The Fresh Loaf

News & Information for Amateur Bakers and Artisan Bread Enthusiasts

Malt powder vs. Malt extract power

Behnam's picture

Malt powder vs. Malt extract power


Where I live, only one manufacturer produces malt related stuff, and they have two (well technically three) different types of barley malt:

The first one is labeled as Malt Extract, which is lucky honey, I think it would be called Malt Syrup worldwide.\

The second one is Malt Extract Powder, which is made from spray drying the Malt Extract.

And the third one is Malt Powder, which I don't know how it's made, and its cheaper than the other two

Now I'm wondering which one of these would be the right ingredient for bread (especially Bagels and Kaiser rolls)? and which one of these would be right for adding to the flour (to get malted flour)?

Thanks !

pmccool's picture

The malt extract/syrup can be diastatic or non-diastatic.  If the label doesn't say, you may need to contact the manufacturer for the answer.  If the former, it contains active enzymes that will convert starches to sugars; in which case, it can perform the same function in dough that malted flour would do.  If the latter, the enzymes have been deactivated by higher temperatures and the syrup is purely a sweetener.  In this form, it can be used in place of other sweeteners and it can be used in the water for boiling bagels, where it promotes a shiny crust.

The malt extract powder is almost always non-diastatic but, again, check it out instead of assuming.  The same information as above applies.

Malt powder is flour ground from malted (sprouted) grain.  More often than not, it is diastatic but is sometimes not, depending on the temperature at which the grain was dried before it was ground.  While effective in breads, you wouldn't want to use this for boiling bagels.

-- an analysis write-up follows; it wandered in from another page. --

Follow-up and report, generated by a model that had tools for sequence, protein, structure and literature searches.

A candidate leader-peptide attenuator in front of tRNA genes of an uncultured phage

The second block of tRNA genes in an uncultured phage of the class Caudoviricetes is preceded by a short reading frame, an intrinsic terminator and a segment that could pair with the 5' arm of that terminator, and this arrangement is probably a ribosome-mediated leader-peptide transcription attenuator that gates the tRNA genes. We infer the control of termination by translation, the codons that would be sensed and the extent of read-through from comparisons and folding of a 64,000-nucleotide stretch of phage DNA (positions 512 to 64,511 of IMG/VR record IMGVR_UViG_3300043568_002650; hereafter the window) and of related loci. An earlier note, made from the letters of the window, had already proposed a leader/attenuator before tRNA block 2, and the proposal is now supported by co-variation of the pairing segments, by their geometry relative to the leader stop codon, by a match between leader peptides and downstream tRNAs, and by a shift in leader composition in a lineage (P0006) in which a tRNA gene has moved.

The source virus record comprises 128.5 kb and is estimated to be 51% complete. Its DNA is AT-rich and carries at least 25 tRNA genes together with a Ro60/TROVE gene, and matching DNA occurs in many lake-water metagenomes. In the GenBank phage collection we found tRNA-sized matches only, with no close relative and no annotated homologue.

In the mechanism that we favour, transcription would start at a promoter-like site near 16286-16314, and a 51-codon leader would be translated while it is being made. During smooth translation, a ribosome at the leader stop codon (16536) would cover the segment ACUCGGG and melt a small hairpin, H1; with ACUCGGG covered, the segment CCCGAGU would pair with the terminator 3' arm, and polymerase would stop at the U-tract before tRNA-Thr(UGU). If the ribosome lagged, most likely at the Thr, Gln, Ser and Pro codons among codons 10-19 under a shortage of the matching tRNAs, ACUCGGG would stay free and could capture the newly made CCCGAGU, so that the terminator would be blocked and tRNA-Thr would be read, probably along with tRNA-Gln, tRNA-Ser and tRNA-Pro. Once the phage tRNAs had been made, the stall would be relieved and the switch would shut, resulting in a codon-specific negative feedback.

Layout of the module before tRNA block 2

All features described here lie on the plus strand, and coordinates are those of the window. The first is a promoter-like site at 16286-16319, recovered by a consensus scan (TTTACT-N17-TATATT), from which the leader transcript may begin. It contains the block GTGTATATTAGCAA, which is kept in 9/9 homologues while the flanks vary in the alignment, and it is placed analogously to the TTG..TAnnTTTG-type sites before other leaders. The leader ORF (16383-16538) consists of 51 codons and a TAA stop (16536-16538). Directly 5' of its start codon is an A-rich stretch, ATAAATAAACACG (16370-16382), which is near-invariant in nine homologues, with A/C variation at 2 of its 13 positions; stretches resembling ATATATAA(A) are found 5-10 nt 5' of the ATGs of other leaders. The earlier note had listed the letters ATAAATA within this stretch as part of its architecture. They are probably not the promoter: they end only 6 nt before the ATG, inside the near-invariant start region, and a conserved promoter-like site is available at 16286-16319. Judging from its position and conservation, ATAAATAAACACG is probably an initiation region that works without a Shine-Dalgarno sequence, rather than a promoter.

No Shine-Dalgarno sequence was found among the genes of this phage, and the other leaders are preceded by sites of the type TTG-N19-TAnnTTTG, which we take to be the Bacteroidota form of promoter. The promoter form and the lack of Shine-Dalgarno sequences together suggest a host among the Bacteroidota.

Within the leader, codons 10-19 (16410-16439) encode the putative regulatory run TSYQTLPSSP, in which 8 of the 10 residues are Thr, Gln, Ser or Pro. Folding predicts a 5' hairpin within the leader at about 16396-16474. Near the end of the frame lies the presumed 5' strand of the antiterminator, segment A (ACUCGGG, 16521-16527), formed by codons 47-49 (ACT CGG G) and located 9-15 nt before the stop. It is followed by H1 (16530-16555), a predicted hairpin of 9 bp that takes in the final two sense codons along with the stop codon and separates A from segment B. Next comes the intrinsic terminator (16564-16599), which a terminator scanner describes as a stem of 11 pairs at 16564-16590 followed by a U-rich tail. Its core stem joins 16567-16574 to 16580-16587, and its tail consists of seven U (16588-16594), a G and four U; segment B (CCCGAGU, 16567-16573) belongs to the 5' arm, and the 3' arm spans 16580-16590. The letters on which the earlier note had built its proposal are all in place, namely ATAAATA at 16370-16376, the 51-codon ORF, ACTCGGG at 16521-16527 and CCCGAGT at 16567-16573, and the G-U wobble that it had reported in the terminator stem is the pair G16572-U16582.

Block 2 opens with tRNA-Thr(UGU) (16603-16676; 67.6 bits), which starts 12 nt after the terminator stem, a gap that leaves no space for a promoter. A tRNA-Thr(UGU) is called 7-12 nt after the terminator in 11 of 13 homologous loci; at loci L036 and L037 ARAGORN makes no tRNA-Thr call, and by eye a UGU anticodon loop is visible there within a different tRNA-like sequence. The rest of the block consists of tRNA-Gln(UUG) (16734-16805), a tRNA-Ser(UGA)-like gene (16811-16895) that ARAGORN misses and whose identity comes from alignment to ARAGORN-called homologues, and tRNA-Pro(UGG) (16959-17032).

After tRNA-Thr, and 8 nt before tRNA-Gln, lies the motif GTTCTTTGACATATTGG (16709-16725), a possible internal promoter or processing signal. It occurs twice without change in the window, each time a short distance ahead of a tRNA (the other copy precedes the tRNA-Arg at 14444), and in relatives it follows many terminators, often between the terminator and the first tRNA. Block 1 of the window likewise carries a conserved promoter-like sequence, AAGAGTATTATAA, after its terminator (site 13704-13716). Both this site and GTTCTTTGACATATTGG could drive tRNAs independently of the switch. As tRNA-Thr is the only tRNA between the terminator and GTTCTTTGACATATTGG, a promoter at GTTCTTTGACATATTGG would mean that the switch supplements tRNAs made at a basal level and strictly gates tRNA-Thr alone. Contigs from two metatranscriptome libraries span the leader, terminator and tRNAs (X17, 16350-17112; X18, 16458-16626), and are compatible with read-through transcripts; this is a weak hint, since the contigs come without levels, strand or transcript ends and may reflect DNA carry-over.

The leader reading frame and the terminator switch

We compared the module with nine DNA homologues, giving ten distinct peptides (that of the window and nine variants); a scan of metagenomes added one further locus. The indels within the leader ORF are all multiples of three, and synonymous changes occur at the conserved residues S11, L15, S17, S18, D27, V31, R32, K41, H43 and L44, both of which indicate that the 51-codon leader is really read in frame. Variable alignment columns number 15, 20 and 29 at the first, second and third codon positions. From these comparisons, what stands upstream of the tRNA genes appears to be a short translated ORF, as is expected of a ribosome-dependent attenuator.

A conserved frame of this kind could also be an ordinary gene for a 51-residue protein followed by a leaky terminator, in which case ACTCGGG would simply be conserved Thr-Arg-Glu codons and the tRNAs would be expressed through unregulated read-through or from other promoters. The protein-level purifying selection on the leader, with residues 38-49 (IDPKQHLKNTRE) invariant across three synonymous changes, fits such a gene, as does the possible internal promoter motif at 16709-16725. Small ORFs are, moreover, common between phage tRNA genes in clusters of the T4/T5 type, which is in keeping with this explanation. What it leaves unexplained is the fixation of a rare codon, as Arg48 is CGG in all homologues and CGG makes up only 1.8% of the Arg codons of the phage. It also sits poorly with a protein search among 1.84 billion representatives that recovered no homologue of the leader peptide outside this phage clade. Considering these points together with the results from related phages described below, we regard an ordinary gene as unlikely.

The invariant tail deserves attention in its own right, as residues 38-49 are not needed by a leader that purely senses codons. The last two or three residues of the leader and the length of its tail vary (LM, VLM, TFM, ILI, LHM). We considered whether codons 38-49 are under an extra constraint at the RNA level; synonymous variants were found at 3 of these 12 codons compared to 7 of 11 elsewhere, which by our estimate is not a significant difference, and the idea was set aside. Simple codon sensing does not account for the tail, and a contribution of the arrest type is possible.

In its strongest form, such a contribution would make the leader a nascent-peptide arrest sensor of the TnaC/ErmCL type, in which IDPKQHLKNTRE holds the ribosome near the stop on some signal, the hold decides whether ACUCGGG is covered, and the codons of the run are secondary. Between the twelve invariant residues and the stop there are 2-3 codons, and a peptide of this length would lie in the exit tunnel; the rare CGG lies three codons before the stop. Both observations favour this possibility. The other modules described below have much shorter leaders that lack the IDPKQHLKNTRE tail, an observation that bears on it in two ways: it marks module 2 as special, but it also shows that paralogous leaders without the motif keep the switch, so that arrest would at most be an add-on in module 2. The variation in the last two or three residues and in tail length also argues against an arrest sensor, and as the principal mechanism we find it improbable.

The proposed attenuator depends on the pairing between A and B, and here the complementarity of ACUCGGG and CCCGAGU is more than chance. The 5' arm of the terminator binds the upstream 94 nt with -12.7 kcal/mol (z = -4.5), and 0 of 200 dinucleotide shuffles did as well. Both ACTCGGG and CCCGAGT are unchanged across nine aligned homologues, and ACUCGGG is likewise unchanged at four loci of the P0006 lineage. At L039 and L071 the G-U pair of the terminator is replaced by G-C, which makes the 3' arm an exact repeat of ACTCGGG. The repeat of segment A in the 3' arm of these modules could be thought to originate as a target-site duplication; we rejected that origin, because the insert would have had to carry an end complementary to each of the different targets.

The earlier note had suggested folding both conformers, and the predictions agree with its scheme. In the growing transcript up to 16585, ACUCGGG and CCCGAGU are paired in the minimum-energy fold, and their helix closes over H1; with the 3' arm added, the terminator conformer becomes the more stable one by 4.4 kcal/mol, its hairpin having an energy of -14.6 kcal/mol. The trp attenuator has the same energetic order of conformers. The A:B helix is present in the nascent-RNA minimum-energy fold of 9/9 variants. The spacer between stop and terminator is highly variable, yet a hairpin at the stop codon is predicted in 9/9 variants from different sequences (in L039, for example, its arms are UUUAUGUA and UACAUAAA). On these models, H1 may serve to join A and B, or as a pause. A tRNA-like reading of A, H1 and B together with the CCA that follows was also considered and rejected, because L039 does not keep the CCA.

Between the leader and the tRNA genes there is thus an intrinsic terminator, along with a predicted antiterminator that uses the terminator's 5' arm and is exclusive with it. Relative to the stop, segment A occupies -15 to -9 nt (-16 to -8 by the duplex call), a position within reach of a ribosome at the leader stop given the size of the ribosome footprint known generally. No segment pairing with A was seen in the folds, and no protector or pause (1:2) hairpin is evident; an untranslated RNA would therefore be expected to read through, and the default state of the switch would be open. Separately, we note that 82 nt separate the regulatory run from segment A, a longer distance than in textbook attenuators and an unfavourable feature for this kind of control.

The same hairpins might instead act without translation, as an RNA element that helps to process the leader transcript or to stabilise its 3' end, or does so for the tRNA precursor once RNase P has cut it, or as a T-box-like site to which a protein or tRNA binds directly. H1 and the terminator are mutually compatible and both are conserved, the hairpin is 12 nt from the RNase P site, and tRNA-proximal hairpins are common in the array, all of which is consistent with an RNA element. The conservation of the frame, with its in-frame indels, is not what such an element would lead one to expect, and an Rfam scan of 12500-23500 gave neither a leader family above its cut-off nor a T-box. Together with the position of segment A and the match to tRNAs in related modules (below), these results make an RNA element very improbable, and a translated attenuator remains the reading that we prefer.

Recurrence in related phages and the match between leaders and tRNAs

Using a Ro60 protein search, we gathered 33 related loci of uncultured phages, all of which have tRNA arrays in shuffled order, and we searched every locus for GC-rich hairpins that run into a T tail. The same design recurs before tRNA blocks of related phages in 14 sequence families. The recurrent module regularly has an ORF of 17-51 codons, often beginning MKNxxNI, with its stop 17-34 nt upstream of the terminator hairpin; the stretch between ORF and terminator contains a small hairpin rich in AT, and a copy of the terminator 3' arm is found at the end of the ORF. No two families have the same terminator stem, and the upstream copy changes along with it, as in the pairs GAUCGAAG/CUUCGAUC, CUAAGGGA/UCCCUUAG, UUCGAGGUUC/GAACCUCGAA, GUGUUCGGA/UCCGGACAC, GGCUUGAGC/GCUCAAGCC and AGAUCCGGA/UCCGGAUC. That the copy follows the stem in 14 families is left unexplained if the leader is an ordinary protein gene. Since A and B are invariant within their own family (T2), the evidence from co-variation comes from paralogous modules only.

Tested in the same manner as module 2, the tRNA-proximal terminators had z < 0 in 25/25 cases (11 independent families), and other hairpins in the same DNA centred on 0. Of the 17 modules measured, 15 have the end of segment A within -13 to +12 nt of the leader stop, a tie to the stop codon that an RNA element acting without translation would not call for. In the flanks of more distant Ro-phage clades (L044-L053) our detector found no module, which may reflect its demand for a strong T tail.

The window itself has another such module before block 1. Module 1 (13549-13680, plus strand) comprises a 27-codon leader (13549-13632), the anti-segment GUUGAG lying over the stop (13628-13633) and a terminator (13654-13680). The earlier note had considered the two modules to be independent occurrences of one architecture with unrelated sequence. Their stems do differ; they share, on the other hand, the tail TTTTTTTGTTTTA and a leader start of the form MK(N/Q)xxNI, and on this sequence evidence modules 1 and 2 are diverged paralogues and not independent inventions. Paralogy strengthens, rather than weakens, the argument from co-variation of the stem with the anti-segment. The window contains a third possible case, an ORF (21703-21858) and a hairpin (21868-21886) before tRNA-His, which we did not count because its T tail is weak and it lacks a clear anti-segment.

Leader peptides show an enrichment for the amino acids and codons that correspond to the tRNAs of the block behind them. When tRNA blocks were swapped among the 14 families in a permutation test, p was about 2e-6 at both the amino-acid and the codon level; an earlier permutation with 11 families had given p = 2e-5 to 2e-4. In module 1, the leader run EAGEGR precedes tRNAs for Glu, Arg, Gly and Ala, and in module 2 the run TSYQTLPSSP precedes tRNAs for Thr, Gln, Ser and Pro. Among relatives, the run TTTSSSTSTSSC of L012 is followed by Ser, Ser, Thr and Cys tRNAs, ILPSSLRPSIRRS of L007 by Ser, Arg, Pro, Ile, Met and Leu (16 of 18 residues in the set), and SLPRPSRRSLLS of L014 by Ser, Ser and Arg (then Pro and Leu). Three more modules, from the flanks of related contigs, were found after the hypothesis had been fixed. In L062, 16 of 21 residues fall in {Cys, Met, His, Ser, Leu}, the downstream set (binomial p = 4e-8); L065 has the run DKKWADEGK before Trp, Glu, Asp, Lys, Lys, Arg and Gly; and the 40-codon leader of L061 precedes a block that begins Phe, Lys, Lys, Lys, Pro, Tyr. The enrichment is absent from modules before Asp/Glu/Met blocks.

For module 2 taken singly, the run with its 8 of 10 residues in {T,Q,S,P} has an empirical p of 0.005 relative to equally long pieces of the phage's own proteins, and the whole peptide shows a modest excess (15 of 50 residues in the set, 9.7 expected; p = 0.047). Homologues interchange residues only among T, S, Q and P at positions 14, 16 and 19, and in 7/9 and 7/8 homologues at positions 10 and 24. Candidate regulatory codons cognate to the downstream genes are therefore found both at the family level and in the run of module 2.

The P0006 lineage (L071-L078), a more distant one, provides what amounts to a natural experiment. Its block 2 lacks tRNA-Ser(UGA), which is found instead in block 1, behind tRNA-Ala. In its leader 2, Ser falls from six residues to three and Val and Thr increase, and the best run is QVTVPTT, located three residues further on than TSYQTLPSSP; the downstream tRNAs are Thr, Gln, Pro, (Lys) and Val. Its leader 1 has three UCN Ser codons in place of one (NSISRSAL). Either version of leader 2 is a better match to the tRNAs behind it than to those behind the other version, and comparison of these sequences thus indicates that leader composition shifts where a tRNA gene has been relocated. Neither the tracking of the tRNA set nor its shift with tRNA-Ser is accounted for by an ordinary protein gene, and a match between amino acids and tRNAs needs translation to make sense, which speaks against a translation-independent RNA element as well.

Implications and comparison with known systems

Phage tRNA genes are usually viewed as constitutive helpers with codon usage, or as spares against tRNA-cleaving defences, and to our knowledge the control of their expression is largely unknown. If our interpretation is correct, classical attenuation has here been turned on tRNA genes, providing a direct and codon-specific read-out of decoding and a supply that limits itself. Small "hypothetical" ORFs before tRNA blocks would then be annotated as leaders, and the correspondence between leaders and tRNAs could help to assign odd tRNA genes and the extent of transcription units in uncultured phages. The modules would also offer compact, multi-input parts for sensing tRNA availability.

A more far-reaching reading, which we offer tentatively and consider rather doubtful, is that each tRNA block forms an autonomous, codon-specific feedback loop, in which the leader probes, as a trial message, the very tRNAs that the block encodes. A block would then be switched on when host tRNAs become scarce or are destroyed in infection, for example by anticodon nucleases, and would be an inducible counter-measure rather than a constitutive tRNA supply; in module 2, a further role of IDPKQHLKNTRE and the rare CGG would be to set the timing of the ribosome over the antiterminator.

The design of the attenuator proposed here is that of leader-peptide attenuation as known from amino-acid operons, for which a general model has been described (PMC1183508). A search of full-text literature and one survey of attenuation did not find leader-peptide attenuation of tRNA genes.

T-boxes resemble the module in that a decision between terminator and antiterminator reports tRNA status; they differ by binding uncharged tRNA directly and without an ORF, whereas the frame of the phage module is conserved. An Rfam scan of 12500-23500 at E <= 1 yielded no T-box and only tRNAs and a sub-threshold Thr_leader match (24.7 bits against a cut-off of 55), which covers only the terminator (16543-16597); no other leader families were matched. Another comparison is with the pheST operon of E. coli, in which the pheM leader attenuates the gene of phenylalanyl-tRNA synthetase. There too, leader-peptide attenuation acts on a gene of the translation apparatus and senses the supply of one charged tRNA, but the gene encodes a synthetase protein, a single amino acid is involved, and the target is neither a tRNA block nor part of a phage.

Note that diastatic malt is used very sparingly with flour.  I don't remember exact amounts but think that is less than 1.5%, maybe even less than 1%, by weight.  Too much diastatic malt will lead to too much starch conversion and gummy, wet bread.


Behnam's picture

Wow, thanks a lot for your information Paul!

Contacting manufacturer is like asking a rooster to lay an egg... seriously...

That said, in their website, it states that the malt syrup converts starches to sugars, so i have to guess its diastatic...

For the malt extract powder, it states that, used in flour, it increases the fermentation, so i don't really know what that does...

And in the website nothing is sad about the malt powder!!

So, in conclusion, I didn't understand what type of these to use for bagels...



dabrownman's picture

.6 of 1% added diasttic malt to my home ground flour if it is whole grain and 1% if I have sifted it to 80% extraction.  I have heard that millers used .6 of 1 % for their white flour, don't know if that is true but heard it on TFL,  but since my malts are home made and probably weaker, I put a little more in without any problems.    I also like to put red non diastaic malt powder in the mix to color and flavor the bread and use up to 2.5% of that..

Happy baking

Behnam's picture

Thanks! That's helpful information!